Other versions of the game[edit]

Board and party games[edit]

The board games Balderdash, Dictionary Dabble,[6] Flummoxed, and Weird Wordz are based on Fictionary. In one round of the board game Derivation, players describe or fabricate a word's etymology; players who provide a correct etymology receive one point for doing so, but their entries are then removed from play, and they lose their chance to receive multiple points by drawing multiple votes from other players. Similarly, in the board game Wise and Otherwise, the Picker randomly chooses a quotation and reads the beginning, and other players try to create realistic endings to the quotation.

Radio and television[edit]

Fictionary is featured as a segment on the weekly US National Public Radio quiz show Says You!, where it is known as the bluffing round.

In the UK, Call My Bluff was a popular daytime BBC television panel game based on Fictionary, which ran from 1965 to 1988, and was revived in 1996. Two teams of three players (journalists, B and C list celebrities, etc.) compete. A player from one team has to decide between the three proposed definitions provided by the opposing team. If the first player correctly identifies the true definition of the word, they earn their team a point. If they are wrong, the team which provided the definitions are awarded the point. Call My Bluff was first aired in October 1965, with Robin Ray as chair. Presenter Robert Robinson chaired it for many years. The series finished on 18 June 2004, with a Comic Relief special in 2011.[7]

Other television game shows based on the concept include Take My Word For It and Wordplay. In Japan, Tahoiya (たほいや) featured the game under the same name. The 30 minute late night game show aired on Fuji TV in 1993, and was rebroadcast on Fuji TV 739 satellite channel in 2008. Tahoiya, originally meaning "a cabin used for boar hunting", was one of the chosen words in early game play.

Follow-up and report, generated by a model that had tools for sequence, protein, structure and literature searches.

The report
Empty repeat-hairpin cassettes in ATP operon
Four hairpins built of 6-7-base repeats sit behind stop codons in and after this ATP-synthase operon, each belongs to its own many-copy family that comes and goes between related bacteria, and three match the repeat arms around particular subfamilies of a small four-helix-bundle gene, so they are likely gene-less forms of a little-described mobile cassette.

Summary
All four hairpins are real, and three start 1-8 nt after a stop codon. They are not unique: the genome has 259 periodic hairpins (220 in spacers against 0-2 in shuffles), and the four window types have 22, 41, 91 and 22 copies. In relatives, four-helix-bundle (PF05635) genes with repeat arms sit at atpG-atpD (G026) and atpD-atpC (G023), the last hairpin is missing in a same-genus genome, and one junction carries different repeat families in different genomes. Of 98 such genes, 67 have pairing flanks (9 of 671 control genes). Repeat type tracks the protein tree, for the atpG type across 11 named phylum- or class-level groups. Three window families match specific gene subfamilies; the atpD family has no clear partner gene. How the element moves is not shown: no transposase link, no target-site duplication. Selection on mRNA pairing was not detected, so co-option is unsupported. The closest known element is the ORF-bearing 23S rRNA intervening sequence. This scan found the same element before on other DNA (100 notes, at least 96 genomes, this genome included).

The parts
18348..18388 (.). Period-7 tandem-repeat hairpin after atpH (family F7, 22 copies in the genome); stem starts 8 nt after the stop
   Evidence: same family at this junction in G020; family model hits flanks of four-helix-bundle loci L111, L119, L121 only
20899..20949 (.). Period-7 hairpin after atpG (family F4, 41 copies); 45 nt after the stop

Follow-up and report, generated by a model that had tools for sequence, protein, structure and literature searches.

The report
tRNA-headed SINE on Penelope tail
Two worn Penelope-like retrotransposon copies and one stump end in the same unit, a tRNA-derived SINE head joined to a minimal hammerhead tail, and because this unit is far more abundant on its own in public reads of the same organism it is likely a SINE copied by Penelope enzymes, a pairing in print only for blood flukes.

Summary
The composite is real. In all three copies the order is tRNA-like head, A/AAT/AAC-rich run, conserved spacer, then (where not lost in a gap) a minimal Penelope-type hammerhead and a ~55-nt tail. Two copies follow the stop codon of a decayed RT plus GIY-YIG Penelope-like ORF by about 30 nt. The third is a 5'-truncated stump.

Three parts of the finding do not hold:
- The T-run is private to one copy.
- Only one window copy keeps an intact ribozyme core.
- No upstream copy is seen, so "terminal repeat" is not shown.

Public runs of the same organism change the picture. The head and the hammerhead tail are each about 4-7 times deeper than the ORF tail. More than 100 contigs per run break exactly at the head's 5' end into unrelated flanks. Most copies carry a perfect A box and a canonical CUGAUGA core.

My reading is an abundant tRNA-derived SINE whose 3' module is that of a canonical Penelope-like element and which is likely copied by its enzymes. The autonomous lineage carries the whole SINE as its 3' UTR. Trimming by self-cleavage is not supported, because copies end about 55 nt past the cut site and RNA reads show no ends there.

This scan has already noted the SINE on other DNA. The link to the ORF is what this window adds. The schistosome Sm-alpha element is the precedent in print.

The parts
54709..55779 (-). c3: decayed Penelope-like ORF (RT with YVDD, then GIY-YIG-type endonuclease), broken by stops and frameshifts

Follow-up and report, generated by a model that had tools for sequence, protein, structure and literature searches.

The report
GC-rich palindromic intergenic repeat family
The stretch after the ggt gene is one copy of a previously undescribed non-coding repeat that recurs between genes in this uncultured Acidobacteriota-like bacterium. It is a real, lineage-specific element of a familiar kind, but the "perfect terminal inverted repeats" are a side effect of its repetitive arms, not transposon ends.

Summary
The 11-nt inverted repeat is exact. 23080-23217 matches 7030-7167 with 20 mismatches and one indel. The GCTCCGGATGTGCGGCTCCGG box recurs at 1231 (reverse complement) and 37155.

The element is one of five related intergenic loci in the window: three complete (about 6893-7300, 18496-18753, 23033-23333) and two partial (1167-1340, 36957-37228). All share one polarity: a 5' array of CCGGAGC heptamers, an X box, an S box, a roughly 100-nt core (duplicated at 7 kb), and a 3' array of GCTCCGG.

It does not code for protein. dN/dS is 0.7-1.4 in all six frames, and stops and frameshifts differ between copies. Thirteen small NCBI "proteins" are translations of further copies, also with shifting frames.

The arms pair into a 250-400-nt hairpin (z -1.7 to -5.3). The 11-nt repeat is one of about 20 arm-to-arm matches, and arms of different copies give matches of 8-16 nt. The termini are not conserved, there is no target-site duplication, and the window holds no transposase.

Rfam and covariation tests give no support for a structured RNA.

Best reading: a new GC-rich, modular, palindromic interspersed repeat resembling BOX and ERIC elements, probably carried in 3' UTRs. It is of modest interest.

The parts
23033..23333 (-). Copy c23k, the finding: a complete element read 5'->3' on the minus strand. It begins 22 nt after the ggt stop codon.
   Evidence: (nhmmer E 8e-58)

Electronic and online games[edit]

A version of the game called Dixonary has been running online since July 4, 1989, for the first fifteen years on CompuServe in its Tapcis Forum. It is believed that this game is the longest-running on-line game, and has run for more than 3,075 rounds. In May 2005, the game moved to its own website when CompuServe disconnected the forum. Since May 2007 it has been played in a Google Group, and has a support site at, which has an archive of the game that goes back, with minor gaps, to its inception in 1989.

Jackbox Games has produced multiple editions of Fibbage, a game in which the players use their mobile devices to choose categories, write fake answers, and vote for the real answers. However, the questions are general trivia.

Jackbox also produced Dictionarium, with the key difference that the words are all made-up instead of picked from an unabridged dictionary. It has two additional rounds: In the second round, players make up synonyms to the winning definitions. In the final round, players use the synonyms in a sentence.


  • "Oxford Dictionaries Word Games". Oxford University Press. 2008. Archived from the original on July 20, 2001.
  • Sachs, Lisa Roy; Patty Sachs (1997). Pick A Party. Meadowbrook. p. 45. ISBN 0-671-52123-3.


  1. ^ Learning, volume 7, Springhouse Corporation (1978) p. 102. Google books link.
  2. ^ Tony Augarde, The Oxford guide to word games, Oxford University Press (Oct 30, 1986) p. 200. ISBN 9780192820051.
  3. ^ Ruth Herman Wells, "Lesson 3: Using Big Words to Reach 'Big Word Users'," Breakthrough Strategies to Teach and Council Troubled Youth: All-Time Favorite Lessons, Youth Change, (1991). ISBN 9781891881060.
  4. ^ Sidney W. Tiedt and Iris M. Tiedt, Language Arts Activities for the Classroom, Allyn and Bacon (1987) p. 88.
  5. ^ Language: The Dictionary Game, Academy Curricular Exchange online resource. Google Books link.
  6. ^ "Dictionary Dabble, Board Game Geek. Retrieved 13 Sept. 2019.
  7. ^ "Schedule". Red Nose Day. BBC Online. Retrieved 8 March 2011.